In American writer Branden Jacobs-Jenkins’ An Octoroon — a radical and hugely provocative re-imagining of a 19th century slavery melodrama by Irish writer Dion Boucicault — the playwright declares bluntly to the audience that theatre is no longer a place of novelty.
How could anything be novel, given the generally wealthy and privileged audiences who attend theatres are able to experience just about everything? How can theatre possibly give us any kind of new experience, in the way that Boucicault and his contemporaries were able to?
The perhaps unintended irony of that declaration is that An Octoroon is likely the most original and uncompromising piece of theatre presented at any Australian theatre company this year. I have no doubt that it will be controversial, but it’s brutally funny and irreverent, with the power to blow open significant conversations.
Jacobs-Jenkins’ play takes place in the deep south of America, but this production has been re-contextualised by playwright Nakkiah Lui, to be set in steamy rural Queensland. In an interview last week, Lui said that Indigenous Australians were certainly held as slaves, even if the history of Australian slavery isn’t as well known or as widely acknowledged.
She said: “Stolen wages weren’t stolen wages; it was slavery. Let’s call a pig a pig.”
The plot of Boucicault’s play is fairly complex and convoluted, and is mostly re-told over the course of Jacobs-Jenkins’ play. It involves a white plantation owner who falls in love with a beautiful woman who is an “octoroon”: a term that’s now considered politically incorrect, referring to a person who is one-eighth black.
But the play is framed by a playwright character known as “BJJ” (Colin Smith), who has set out to write this adaptation. BJJ is pretty lost in his notions of what it means to be a “black playwright”, and what he should do with his talents and this play.
The situation has been made even worse now that most of the white actors have quit his play, not wanting to perform as evil slave owners. So what does BJJ do? He dons white face paint and performs the white roles himself.
The chaos that ensues is frequently disorientating, discomforting, frequently hilarious, and incisive in its politics. Jacobs-Jenkins’ play is one of the richest pieces in recent years interrogating race and identity, and how identity is inevitably shaped by our collective histories.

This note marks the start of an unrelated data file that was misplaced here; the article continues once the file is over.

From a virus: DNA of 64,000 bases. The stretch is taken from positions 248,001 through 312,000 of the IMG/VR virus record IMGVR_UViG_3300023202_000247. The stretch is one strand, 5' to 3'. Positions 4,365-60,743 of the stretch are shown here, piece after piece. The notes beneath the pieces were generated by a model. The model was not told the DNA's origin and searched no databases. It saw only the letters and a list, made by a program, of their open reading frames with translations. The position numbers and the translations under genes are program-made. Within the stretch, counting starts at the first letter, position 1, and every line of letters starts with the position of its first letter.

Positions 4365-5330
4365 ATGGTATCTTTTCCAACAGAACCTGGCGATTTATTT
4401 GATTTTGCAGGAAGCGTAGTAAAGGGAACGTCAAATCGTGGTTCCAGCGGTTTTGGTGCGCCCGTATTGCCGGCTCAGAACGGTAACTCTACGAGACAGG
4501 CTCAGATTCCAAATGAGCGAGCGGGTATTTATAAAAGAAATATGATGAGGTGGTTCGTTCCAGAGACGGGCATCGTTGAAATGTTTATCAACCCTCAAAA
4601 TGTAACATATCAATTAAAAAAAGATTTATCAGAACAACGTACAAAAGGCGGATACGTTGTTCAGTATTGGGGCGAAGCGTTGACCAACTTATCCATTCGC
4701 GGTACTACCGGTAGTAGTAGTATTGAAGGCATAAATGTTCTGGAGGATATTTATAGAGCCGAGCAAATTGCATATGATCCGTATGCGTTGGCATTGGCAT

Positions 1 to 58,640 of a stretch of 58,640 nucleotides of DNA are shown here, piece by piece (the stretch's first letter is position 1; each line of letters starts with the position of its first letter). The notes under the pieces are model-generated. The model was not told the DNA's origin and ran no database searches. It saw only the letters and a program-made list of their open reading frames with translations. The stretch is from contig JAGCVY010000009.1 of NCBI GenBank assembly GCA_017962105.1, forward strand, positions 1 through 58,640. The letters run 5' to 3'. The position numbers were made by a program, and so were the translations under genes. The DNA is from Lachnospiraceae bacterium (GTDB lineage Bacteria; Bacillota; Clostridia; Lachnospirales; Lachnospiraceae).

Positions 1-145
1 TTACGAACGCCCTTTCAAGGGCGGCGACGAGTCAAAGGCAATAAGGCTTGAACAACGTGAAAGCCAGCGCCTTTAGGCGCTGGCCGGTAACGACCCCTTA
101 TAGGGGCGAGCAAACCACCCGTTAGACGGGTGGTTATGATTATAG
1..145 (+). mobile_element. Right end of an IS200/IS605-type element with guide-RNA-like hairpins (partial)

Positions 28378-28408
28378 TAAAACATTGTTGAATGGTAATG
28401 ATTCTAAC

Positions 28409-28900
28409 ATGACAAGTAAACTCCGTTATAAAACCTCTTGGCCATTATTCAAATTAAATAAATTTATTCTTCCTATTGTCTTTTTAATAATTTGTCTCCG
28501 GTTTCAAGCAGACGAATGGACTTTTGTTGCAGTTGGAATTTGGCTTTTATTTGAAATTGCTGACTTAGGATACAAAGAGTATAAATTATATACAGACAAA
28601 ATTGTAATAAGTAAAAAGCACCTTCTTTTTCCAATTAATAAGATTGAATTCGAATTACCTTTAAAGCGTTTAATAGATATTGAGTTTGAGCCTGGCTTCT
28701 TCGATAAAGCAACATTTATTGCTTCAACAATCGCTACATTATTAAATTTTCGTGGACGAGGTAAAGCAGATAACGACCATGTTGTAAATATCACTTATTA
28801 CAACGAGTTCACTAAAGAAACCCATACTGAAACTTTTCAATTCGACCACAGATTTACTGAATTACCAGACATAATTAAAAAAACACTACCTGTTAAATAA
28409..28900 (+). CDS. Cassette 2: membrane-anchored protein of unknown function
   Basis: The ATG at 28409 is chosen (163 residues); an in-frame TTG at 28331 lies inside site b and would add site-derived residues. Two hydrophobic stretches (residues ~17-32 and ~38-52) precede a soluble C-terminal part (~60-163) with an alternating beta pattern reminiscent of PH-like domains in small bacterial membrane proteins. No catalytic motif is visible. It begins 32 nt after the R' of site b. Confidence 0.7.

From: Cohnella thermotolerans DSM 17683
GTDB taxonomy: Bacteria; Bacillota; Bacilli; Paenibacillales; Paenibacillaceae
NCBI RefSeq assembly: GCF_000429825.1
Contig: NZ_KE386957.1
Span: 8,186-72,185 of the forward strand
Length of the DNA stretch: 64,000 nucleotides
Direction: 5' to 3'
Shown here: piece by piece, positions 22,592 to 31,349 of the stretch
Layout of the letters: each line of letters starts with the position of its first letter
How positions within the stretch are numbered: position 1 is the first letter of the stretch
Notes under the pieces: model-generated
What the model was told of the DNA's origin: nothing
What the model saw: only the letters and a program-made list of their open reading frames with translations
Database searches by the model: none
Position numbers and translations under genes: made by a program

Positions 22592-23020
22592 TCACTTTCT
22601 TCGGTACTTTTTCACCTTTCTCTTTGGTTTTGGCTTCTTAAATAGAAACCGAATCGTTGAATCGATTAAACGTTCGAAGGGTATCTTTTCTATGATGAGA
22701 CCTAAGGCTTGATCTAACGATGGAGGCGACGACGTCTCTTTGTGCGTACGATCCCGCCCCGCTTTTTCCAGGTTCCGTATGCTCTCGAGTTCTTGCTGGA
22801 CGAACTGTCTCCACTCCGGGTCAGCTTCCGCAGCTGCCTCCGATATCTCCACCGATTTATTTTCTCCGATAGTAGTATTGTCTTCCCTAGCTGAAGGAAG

Lui makes her directorial debut with this production, and proves herself to be a master of this kind of highly-stylised, faux-melodrama comedy. The play loses a little of its steam somewhere in the middle as it works through the various twists and turns of Boucicault’s original text, but Lui’s production retains its focus right to the end.
Lui’s local touches also work a treat and bring the play into contact with our recent history: Anthony Standish paints his skin brown to play a character known as Jonah (who happens to be from Tonga), and Tongan actor Anthony Taufa plays Pete, a trope Aboriginal character who brings to mind a long history of Aboriginalia. Minstrelry is never too far away.
Colin Smith is the audience’s guide to the play as BJJ, and fully captures the playwright’s growing frustration at his inability to make the play work. Anthony Standish is his perfect mirror image as a white playwright who dons brownface, and Anthony Taufa draws on every cliche available to him for a brilliant comedic performance. Sarah Ogden primps about the stage in an appropriately prissy manner.
Shari Sebbens is wonderfully funny as Zoe, the titular octoroon and the picture of a “well-bred” colonial lady, while Melodie Reynolds-Diarra and Elaine Crombie steal the show as two house slaves who take a no-bullshit approach to the events of the play. Chenoa Deemal only gets a small amount of dialogue as the pregnant field slave Grace, but makes a massive impact.
Designer Renee Mulder’s stage is a simple long, white traverse space, with audience seating banks on both sides. It’s sometimes a difficult space to work in, but the physical elements of the production are mostly successful, with the actors able to reach out to audiences on both sides.
If theatre is, in fact, no longer a place of novelty, perhaps its greatest purpose is to simply tell the truth by exploding false notions. I suppose by that definition, you could call a certain scene in the fourth act of Lui’s production a coup de théâtre.
I won’t reveal what happens as it’s such an extraordinarily simple idea it’s impact won’t land without context.
The audience is suddenly reminded that the abhorrent crimes and cruelty presented in the play are not ancient history. In fact, the acts depicted in the play were happening so recently in Australia that there’s even photographic evidence.
Lui invites her audience to sit with our history for just a moment, and refuses to deny the full weight of the issues explored thus far through comedy.
It’s frequently said that comedy is tragedy plus time. That makes the line between the two particularly difficult to draw in a country like Australia where racism is arguably as much a part of our present as it is our past.
But An Octoroon is absolutely fearless when it comes to that line, and one of the most dangerous and intriguing works of theatre I’ve seen in years.
This writer was a guest of Brisbane Marketing and Brisbane Festival.
Featured image by Rob Maccoll